Three suspects supposedly belonging to a Mexican drug cartel operating in Batangas have been arrested, authorities said in a press briefing on Thursday.
Officials of the Philippine Drug Enforcement Agency (PDEA) and the Philippine National Police (PNP) said that they have also busted the Mexican Sinaloa drug cartel, after having confiscated roughly 80 kilos of shabu.
Worth P420 million, the shabu shipment was seized in a Lipa, Batangas farm.
Suspects will be charged for violating Section 11 of Republic Act 9165, also known as the Dangerous Drugs Law, an official said.
Seizure of shabu “shows that they are marketing [the drug]” in Asia, an official said during a briefing at the PNP headquarters in Quezon City.
“This confirms that the Mexicans are here,” an official said.
It was not clear why the Mexican cartel would have entered the Philippines. The national police chief, Director-General Alan Purisima, said the country’s strategic location and the difficulty of guarding the archipelago’s maritime borders made it easy to infiltrate.
The Mexican embassy in the Philippines declined to comment.
The Sinaloa cartel is reputed to be the largest source of illegal drugs to the United States.
Its main leader, Joaquin “El Chapo” Guzman, escaped from a Mexican prison in 2001. He is now America’s most wanted drug trafficker, as well as being considered by Forbes as the most powerful criminal on the planet.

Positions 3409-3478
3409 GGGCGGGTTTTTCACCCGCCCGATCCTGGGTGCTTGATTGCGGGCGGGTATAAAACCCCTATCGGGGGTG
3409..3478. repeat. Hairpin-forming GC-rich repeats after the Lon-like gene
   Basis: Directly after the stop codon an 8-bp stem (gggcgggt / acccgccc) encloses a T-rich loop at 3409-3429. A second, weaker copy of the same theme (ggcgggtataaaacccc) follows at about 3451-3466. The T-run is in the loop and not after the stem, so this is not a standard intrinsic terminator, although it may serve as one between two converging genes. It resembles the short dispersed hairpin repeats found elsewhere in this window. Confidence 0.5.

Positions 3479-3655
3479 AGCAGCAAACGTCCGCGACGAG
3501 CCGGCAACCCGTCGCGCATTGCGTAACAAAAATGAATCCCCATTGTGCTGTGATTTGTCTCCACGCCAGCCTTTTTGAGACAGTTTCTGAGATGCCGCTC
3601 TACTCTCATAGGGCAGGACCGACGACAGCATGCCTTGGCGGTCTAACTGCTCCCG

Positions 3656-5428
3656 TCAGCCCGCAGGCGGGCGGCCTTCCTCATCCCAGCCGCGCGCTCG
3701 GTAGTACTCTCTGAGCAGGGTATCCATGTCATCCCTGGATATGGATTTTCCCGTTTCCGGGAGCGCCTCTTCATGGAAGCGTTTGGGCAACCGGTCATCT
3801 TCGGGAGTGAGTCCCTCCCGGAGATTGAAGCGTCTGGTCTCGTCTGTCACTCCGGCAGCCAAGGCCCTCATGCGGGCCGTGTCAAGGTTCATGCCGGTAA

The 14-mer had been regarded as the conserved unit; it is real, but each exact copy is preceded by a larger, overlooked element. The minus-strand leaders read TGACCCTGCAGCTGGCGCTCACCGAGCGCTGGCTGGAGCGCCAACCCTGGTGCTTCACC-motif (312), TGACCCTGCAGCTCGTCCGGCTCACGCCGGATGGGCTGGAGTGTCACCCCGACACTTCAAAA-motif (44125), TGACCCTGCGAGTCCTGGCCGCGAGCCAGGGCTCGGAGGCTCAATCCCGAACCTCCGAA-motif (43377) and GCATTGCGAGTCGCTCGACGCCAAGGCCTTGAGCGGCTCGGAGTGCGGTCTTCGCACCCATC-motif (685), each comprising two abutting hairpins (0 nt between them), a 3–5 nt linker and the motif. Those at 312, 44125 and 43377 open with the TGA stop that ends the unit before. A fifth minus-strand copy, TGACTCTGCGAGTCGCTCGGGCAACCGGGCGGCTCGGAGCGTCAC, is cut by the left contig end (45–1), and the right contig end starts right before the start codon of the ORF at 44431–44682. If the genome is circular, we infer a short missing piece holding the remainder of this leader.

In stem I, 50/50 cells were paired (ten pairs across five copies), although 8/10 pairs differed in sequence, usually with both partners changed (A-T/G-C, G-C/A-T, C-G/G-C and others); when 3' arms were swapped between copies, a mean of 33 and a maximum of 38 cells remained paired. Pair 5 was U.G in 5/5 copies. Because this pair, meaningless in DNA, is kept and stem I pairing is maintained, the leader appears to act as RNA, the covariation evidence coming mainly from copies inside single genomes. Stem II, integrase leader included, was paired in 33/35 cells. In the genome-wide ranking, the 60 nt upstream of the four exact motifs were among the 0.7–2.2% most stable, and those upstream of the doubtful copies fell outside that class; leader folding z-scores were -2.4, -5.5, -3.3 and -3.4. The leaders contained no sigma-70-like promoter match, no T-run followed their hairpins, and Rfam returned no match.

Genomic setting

El Chapo Guzmán was captured in Guatemala on June 9, 1993, and extradited to Mexico and sentenced to 20 years and 9 months in prison for drug trafficking, criminal association and bribery charges. He was jailed in the maximum security La Palma (now Federal Social Readaptation Center No. 1 or ‘Altiplano’) prison. On November 22, 1995, he was transferred to the Puente Grande maximum security prison in Jalisco, after being convicted of three crimes: possession of firearms, drug trafficking and the murder of Cardinal Juan Jesús Posadas Ocampo (the charge would later be dismissed by another judge). He had been tried and sentenced inside the federal prison on the outskirts of Almoloya de Juárez, Mexico State. After a ruling by the Supreme Court of Mexico made it easier for extradition to occur between Mexico and the United States, Guzmán bribed several guards to aid his escape. On January 19, 2001, Francisco “El Chito” Camberos Rivera, a prison guard, opened Guzmán’s electronically operated cell door, where Guzmán got in a laundry cart that Camberos rolled through several doors and eventually out the front door. He was then transported in the trunk of a car driven by Camberos out of the town. At a gas station, Camberos went inside, but when he came back, Guzmán was gone on foot into the night. According to officials, 78 people have been implicated in his escape plan. The police say Guzmán carefully masterminded his escape plan, wielding influence over almost everyone in the prison, including the facility’s director. He allegedly had the prison guards on his payroll, smuggled contraband into the prison and received preferential treatment from the staff. In addition to the prison-employee accomplices, police in Jalisco were paid off to ensure he had at least 24 hours to get out of the state and stay ahead of the military manhunt. The story told to the guards being bribed was that Joaquín Guzmán was smuggling gold out of the prison, ostensibly extracted from rock at the inmate workshop. The escape allegedly cost Joaquín $2.5 million.